One of the most obvious themes of the poem is the horror and tragedy of war. Service pulls no punches in describing the gruesome sights and sounds of battle, from the "bloody groans of the wounded" to the "gurgling death-rattle" of fallen soldiers. At the same time, however, he also expresses a deep sense of compassion and empathy for these soldiers, recognizing that they are not mere statistics but real human beings with families and loved ones who will mourn their passing.

Another important theme of "The March of the Dead" is the idea of sacrifice and honor. Throughout the poem, Service emphasizes the bravery and valor of the soldiers who have given their lives for their country, and he portrays them as noble heroes who have earned their rightful place in history. At the same time, however, he also suggests that this sacrifice is in vain, and that war ultimately achieves nothing but death and destruction.

Finally, "The March of the Dead" can also be seen as a meditation on the passage of time and the transience of human life. The poem takes place in a barren, lifeless landscape that seems frozen in time, and Service uses this setting to underscore the fleeting nature of human existence. At the end of the poem, he reminds us that even the greatest heroes will eventually be forgotten, their names and deeds lost to the ravages of time.

The Power of Language

One of the most remarkable things about "The March of the Dead" is the power and beauty of its language. Service has a gift for using vivid, evocative imagery and lyrical phrasing to create a sense of atmosphere and emotion that is truly breathtaking.

Consider, for example, his description of the procession as it marches through the "ghostly mist" of the battlefield:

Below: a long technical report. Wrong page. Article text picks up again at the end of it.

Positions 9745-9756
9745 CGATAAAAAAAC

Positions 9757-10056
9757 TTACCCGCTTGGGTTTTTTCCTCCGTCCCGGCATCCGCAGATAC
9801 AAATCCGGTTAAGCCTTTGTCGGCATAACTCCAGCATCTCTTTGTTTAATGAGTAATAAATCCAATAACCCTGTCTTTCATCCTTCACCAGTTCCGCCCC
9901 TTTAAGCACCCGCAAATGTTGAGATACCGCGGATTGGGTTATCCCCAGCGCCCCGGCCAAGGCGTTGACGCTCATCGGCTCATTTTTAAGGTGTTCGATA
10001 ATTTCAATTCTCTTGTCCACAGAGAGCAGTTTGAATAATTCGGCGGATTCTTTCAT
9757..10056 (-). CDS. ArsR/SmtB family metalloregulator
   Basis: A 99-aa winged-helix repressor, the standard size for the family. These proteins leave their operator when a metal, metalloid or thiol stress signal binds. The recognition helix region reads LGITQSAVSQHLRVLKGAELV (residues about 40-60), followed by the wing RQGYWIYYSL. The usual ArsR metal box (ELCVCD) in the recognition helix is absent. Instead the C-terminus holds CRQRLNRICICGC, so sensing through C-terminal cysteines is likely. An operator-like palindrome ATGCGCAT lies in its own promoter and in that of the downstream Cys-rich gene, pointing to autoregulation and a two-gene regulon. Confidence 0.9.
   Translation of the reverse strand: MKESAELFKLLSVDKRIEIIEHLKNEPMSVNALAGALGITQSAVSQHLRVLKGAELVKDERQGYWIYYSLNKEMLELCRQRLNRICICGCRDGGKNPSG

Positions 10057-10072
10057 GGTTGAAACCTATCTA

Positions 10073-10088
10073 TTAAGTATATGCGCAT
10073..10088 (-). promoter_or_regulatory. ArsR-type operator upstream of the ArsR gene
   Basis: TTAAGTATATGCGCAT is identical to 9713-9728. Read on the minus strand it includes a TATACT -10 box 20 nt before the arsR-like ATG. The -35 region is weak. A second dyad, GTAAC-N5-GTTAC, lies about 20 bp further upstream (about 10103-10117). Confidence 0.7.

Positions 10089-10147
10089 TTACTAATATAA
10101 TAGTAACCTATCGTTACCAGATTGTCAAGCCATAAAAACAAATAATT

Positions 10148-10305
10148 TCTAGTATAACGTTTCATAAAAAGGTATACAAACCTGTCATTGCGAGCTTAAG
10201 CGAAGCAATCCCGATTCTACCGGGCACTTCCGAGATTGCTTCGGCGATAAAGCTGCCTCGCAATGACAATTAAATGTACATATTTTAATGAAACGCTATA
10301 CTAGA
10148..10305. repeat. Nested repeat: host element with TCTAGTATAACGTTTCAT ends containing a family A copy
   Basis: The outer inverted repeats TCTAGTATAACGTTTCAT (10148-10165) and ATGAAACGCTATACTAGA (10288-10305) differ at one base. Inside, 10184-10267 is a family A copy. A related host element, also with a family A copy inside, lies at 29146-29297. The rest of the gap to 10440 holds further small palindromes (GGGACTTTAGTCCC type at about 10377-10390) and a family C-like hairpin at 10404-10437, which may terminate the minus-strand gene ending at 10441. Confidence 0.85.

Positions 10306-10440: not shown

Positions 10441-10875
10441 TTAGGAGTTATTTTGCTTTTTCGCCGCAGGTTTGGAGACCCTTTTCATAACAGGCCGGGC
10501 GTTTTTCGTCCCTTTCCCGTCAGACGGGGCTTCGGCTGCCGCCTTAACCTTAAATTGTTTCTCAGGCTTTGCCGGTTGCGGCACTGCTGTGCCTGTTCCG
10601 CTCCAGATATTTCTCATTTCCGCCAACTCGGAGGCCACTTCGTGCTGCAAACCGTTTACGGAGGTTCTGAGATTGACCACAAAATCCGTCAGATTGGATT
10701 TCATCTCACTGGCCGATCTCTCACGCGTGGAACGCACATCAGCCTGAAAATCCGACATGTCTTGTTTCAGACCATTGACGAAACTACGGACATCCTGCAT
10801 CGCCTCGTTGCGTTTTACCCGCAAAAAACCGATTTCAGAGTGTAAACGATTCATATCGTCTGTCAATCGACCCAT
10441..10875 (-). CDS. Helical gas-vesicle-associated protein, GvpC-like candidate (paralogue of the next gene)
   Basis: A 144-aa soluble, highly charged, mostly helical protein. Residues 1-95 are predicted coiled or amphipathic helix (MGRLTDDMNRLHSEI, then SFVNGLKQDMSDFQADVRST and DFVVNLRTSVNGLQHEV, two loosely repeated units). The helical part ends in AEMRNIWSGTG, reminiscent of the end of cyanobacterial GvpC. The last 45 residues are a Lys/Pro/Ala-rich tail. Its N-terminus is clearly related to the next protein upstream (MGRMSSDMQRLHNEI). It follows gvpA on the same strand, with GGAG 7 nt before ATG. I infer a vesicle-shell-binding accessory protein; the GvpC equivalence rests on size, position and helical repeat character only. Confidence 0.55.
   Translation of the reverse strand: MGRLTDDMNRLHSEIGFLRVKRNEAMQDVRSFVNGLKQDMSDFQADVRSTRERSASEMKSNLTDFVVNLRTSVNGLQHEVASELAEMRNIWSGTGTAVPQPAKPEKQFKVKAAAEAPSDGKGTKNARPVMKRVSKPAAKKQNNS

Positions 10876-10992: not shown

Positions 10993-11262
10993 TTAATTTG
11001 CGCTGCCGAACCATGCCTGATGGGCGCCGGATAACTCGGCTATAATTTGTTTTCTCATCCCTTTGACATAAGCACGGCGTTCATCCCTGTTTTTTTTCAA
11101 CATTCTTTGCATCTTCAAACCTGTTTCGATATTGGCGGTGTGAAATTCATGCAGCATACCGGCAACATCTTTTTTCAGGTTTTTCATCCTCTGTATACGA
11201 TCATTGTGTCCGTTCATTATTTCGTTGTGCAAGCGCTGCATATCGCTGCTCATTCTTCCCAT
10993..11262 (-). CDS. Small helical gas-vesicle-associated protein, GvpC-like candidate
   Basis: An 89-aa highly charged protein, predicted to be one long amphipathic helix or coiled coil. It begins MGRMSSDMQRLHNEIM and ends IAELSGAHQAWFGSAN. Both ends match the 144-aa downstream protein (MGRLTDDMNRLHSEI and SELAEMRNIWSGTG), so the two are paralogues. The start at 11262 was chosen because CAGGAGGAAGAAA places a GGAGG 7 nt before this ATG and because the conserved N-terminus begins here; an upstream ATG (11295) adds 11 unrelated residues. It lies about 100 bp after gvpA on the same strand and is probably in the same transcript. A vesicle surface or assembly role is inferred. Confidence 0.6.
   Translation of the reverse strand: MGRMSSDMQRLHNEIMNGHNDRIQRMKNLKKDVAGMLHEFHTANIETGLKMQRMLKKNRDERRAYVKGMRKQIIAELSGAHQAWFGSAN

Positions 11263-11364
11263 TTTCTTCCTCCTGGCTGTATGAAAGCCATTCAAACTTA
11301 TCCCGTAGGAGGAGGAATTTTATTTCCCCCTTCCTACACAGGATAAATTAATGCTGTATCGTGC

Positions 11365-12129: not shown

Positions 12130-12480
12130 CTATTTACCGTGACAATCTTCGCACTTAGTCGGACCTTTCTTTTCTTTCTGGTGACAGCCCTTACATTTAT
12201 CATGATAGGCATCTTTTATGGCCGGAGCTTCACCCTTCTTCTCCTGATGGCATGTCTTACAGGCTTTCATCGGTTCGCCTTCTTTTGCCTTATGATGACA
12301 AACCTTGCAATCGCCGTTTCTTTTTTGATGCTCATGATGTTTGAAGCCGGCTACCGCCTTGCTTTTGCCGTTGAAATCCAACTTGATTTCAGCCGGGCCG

"The wild game tracks where the brown bear clings,
And the bold, bad wolf of the timber rings;
But a voice and a wail
As the sexton swung his lantern dim
And -- a sunken grave yawning grim --
They buried the dead in the frozen rim
Of the Arctic Ocean's strand."

Here, Service uses a series of powerful metaphors to convey the sense of desolation and despair that permeates the scene. The "ghostly mist" suggests a sense of otherworldliness, as if the spirits of the dead are still lingering in the air. The mention of the "brown bear" and "bad wolf" adds to the eerie, haunted quality of the landscape, while the "voice and a wail" conveys the sadness and mourning of the soldiers as they bury their fallen comrades.

Throughout the poem, Service uses similar techniques to create a rich, evocative atmosphere that draws the reader in and immerses them in the world of the poem. Whether he is describing the "blotched and mangy" horses that pull the wagon, or the "sodden clay" of the earth beneath the soldiers' feet, he is always careful to choose words and imagery that resonate with the reader on a deep, emotional level.

Interpretation and Criticism

Of course, like any great work of art, "The March of the Dead" is open to a wide range of interpretations and criticisms. Some readers might see the poem as a simple anti-war statement, while others might view it as a more complex meditation on the nature of human existence.

One possible interpretation of the poem, for instance, is that it is a critique of the glorification of war and the heroes who fight in it. While Service clearly admires the bravery and sacrifice of the soldiers, he also suggests that the very notion of heroism in war is a misguided one, and that it ultimately leads to more death and suffering.

Another possible interpretation of the poem is that it is a commentary on the cyclical nature of human history. By setting the poem in a barren, lifeless landscape that seems to exist outside of time, Service may be suggesting that war is not just a tragedy of the present moment, but a recurring pattern that has played out many times throughout history.